As dust clears on election day, ironies abound.

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So once again we find ourselves in that uncomfortably numb postelection lull, when yard signs wilt in the rain and ironies abound.

In Washington state, the rituals have become ensconced: Winners point to the scoreboard, losers slink off to regroup, and Gov. Non-Elect Tim Eyman scrambles to launder the proceeds.

Oh: and the illusion of representative democracy marches on.

To wit: When the good people of Washington speak, they repeatedly succumb to Eyman’s notion that on major matters of public policy, such as — shudder — bumping up a tax rate to meet societal needs, a “supermajority” vote of two-thirds of the Legislature is in order.

The idea is to prevent the unspeakable horror of tyranny by majority rule.

So why is it, then, that a statewide measure seeking to institutionalize said extra-Constitutional supermajority for raising taxes requires only a simple majority for approval? How can government by supermajority be instituted by anything less than the same?

Pick a flimsy tax-avoidance principle and go with it, glassy-eyed Eyman zombies.

More ex-post factoids:

All Hail Super-Minority Rule: Consider the actual voting numbers behind Initiative 1366, the Good-Government Prevention Act. The latest Eyman bank-account fluffer, which seeks to institutionalize minority rule by establishing a de-facto tax veto by 34 percent of legislators, as of Friday had garnered 640,717 statewide affirmative votes. In a state with nearly 4 million registered voters, that’s a “yes” rate of 16 percent. Power to the people, baby.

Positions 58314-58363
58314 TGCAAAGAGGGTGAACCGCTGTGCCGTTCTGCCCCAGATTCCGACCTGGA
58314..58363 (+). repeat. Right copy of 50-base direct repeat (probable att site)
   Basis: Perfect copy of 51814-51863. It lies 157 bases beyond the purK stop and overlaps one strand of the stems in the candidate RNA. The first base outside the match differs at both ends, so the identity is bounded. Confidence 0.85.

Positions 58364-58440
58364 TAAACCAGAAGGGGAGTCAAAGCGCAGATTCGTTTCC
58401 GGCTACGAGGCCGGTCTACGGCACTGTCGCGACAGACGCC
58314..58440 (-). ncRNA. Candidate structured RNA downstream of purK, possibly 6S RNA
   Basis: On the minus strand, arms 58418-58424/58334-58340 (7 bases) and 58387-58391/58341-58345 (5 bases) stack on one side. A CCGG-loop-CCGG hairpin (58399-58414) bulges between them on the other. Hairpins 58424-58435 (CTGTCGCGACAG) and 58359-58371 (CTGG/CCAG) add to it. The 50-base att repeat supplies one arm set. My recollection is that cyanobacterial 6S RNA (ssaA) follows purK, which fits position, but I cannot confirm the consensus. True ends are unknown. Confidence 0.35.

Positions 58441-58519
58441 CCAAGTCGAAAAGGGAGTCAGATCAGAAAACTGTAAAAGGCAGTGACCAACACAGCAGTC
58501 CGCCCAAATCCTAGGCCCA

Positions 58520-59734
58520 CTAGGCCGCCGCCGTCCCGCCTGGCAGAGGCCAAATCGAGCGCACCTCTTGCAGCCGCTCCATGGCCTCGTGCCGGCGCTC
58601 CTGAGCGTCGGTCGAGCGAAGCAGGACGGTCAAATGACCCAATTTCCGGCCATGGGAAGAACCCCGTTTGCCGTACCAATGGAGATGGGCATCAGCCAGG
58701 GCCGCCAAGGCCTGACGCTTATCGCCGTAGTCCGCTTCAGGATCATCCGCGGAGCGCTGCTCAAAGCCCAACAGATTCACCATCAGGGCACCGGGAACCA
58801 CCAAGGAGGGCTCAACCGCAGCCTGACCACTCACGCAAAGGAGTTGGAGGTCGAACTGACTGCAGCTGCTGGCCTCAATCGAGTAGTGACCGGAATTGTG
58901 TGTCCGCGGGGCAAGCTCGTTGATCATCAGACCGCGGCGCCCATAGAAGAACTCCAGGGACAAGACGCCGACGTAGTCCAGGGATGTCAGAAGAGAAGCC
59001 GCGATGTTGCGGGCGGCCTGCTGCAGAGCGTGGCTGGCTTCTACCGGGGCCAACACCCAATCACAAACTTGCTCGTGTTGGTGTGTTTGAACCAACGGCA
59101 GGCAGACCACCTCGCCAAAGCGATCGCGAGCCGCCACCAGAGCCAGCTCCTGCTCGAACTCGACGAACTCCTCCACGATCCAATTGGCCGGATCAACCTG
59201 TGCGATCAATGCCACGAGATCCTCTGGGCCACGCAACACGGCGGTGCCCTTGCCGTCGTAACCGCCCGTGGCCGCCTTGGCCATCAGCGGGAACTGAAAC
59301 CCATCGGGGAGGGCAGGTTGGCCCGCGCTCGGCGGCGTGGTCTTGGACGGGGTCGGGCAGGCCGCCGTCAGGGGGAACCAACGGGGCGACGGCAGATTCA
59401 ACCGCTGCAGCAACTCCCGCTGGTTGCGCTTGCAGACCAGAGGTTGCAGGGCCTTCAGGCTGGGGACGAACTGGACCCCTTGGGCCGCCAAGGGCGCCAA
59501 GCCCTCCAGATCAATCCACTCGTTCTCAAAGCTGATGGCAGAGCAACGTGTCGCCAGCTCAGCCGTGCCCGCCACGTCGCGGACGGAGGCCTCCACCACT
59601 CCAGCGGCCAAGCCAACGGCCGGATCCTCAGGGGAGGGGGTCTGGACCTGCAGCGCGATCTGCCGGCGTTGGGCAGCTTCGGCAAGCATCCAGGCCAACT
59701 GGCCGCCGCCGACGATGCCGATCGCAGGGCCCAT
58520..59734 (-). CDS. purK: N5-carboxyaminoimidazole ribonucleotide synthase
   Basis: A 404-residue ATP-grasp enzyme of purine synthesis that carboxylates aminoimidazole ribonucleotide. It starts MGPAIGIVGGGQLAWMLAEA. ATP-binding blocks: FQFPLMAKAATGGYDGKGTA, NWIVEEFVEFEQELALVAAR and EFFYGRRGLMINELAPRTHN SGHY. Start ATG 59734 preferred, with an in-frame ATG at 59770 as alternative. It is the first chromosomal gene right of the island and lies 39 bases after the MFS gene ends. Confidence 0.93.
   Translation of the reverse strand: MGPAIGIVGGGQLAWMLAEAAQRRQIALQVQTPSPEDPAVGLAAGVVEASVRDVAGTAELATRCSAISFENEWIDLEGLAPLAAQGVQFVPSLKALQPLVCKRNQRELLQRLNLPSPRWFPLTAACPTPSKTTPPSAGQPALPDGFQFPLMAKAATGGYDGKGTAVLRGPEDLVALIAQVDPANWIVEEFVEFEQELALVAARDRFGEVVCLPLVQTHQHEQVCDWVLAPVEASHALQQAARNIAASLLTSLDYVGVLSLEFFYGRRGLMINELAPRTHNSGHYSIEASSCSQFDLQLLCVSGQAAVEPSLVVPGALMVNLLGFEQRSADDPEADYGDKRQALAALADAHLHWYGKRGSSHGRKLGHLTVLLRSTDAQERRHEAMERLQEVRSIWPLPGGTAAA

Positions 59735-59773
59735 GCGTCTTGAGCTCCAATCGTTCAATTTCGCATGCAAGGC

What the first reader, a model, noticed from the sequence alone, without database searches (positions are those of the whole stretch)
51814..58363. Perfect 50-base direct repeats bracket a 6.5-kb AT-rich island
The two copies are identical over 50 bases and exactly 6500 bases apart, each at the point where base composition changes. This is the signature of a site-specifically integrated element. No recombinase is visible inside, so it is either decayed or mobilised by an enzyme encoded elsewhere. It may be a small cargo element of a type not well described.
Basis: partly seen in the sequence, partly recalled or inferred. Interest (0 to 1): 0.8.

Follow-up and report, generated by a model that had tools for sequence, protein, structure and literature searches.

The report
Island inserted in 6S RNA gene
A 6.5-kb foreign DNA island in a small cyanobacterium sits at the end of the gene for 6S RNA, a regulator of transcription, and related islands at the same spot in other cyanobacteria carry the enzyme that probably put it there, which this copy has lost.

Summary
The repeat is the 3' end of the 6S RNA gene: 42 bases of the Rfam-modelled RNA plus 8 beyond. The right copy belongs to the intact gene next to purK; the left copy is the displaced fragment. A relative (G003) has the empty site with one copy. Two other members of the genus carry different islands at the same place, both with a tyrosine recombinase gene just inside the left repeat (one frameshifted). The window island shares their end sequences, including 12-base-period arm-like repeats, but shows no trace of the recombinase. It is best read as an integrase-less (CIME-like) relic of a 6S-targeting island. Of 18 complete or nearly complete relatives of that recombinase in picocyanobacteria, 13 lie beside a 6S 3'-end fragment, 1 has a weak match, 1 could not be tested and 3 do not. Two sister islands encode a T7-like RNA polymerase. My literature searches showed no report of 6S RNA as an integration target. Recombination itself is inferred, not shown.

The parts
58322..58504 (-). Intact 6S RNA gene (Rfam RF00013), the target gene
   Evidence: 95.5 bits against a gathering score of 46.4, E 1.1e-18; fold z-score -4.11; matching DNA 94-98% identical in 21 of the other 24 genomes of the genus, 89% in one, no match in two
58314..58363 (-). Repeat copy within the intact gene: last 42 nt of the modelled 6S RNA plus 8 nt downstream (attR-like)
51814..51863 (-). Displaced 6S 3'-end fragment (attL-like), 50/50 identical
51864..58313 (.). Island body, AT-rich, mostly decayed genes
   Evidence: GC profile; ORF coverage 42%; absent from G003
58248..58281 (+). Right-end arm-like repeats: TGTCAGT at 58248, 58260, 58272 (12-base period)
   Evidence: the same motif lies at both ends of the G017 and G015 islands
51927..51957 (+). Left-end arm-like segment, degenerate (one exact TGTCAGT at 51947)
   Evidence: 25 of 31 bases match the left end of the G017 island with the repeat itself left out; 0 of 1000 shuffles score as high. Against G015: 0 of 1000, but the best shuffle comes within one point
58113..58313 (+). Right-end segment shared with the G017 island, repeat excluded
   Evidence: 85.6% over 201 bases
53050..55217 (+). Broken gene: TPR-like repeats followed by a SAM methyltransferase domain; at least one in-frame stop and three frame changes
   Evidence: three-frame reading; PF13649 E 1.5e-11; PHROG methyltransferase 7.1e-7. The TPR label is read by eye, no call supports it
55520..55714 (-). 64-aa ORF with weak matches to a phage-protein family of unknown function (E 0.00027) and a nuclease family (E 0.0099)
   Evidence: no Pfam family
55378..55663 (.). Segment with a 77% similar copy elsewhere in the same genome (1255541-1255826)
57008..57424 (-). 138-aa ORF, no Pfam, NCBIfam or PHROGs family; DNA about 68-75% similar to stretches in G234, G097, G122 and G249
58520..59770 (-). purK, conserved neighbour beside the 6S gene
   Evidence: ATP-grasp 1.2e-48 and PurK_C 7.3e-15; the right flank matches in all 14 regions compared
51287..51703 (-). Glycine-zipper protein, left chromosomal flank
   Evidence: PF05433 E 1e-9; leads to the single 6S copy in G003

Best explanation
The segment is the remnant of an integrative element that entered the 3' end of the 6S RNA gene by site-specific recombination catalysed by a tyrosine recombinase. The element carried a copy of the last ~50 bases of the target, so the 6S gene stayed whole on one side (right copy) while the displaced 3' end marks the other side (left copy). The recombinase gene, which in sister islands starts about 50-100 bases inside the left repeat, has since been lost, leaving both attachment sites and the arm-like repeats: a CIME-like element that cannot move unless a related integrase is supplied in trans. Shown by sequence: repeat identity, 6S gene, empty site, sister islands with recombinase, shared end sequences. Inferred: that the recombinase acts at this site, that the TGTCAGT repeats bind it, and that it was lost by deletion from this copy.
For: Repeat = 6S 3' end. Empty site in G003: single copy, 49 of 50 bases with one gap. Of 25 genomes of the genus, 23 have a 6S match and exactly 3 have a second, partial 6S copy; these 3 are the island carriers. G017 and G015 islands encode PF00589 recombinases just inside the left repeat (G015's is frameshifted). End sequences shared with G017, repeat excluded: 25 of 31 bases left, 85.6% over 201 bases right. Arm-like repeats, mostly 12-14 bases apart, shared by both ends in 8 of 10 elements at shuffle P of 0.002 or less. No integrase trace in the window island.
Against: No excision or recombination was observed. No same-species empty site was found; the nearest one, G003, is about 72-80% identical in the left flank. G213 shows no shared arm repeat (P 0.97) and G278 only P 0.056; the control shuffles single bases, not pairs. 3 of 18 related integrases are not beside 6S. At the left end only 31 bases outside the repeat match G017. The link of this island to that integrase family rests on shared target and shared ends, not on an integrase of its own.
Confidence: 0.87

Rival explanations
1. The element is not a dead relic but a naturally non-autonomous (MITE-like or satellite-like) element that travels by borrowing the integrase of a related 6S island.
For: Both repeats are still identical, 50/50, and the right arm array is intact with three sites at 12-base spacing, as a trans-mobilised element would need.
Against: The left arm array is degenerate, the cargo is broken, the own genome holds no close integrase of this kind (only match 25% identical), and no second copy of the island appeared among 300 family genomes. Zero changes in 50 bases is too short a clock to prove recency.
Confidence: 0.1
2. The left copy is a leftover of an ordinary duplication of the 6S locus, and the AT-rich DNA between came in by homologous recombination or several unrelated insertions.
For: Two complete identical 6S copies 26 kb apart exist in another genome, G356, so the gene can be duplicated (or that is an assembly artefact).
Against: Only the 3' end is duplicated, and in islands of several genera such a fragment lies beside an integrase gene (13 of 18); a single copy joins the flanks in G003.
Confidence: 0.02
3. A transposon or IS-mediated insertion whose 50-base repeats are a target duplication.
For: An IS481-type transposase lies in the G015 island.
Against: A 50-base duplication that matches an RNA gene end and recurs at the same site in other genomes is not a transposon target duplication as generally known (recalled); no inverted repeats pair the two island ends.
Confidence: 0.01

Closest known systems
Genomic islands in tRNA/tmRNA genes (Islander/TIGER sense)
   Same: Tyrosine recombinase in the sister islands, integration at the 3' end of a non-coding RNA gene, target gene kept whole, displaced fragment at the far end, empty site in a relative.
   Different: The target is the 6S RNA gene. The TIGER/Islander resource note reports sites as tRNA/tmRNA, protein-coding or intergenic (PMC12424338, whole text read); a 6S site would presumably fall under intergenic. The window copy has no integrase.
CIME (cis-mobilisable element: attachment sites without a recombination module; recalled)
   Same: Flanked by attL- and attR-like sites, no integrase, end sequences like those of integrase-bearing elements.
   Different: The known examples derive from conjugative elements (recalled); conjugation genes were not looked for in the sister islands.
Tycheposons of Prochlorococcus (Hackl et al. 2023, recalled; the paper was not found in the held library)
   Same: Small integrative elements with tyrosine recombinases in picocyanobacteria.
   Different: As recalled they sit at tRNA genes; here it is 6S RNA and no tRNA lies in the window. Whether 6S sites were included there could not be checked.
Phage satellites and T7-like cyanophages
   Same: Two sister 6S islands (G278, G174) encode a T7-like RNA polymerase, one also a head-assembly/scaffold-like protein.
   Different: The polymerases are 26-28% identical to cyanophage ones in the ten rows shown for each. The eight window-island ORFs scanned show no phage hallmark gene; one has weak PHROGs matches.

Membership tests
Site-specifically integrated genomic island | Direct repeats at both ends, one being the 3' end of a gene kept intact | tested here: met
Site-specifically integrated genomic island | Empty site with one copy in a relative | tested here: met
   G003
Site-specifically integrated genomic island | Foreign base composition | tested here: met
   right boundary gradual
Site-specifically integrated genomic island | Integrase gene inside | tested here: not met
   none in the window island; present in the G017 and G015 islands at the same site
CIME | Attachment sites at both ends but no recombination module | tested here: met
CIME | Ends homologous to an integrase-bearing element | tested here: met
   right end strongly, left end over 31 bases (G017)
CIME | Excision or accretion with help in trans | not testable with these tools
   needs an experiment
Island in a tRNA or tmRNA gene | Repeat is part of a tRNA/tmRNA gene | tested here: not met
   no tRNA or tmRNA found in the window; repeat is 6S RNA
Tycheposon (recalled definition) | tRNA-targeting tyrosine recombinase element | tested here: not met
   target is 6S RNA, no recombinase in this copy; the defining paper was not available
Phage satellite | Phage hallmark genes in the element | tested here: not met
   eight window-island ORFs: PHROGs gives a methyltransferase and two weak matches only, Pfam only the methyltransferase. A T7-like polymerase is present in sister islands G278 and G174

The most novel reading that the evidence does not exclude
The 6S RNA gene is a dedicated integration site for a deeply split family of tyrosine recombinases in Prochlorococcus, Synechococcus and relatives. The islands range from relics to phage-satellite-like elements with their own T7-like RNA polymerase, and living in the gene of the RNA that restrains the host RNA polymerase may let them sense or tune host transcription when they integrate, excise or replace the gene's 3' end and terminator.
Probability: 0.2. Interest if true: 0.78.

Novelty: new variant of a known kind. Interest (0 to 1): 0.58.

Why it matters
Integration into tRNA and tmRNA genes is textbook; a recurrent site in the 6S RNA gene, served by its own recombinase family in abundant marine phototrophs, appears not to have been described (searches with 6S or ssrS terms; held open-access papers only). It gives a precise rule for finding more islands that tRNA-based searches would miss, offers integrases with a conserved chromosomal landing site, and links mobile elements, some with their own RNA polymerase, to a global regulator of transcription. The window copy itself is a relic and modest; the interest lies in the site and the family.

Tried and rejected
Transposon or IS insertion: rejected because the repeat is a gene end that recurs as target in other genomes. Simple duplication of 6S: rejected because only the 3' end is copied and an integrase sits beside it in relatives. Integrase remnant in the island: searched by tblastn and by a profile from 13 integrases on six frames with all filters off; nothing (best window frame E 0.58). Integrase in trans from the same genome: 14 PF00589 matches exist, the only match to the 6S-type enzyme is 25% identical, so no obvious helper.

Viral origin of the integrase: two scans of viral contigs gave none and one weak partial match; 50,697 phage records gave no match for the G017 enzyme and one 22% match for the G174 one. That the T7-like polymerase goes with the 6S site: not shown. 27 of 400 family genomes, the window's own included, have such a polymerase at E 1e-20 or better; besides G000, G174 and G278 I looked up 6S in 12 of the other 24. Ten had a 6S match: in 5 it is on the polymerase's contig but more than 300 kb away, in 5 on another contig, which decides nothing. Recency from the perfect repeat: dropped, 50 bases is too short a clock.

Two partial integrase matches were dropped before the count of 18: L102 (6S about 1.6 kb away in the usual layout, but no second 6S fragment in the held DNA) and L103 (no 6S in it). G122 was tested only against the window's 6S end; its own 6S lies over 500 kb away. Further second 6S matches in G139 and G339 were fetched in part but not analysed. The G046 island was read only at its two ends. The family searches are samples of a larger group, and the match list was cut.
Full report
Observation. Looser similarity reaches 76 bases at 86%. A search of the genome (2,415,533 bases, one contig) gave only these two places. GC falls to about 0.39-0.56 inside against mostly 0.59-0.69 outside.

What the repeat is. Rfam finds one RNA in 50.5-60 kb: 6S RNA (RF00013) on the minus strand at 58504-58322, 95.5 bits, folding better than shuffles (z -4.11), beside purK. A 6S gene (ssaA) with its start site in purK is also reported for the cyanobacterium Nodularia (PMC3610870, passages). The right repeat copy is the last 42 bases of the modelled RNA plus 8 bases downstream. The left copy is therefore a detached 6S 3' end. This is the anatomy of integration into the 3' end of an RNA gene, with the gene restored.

Yes, Yes: People who fail to vote get what they deserve. But the principle remains. And it’s tough to overcome mass denial by a populace that’s dead-certain any progressive-smelling tax to lighten the tax load on the vast majority by tapping the ubiquitous superrich is the spawn of Satan. And that necessary public services are delivered for free, like sweet little babies, by a fleet of magic cash storks.

This Just In: GOP presidential candidate Dr. Ben Carson, R-Xanax, who, it turns out, may not actually be a doctor, and probably is not in fact named Ben Carson, has now theorized that an ancient Seattle facility, the “Kingdome,” was once used to store grain and hops by a tyrannical ruler named Jack Patera.

Speaking of Which: Any chance the apparently truth-challenged Carson biography was ghostwritten by Greg Mortenson?

Meanwhile, in South Lake DisUnion: Was anyone else not surprised that at least a few of those “corporate greed” protesters at Amazon HQ on Thursday purchased their Guy Fawkes masks using a parent’s Amazon Prime account? Way to stick it to The Man, kids.

Gum-B-Gone: Actual statement in a Times letter to the editor protesting the stripping and cleaning of Seattle’s infamous “Gum Wall”: “It’s like removing the Blarney Stone.”

Sports Note: The Seahawks are off this week, getting long-awaited rest from eight weeks of exhaustive excuses for being 4-4.

And Finally: Nice to see the wildlife-trafficking measure, Initiative 1401, quietly grab 70 percent of the statewide vote. The next challenge is to get the state to enforce it: This likely will require additional manpower, which costs money, which of course won’t be dispensed without the approval of the ruling junta of seven people in Pend Oreille County. But, as usual, we dare to dream.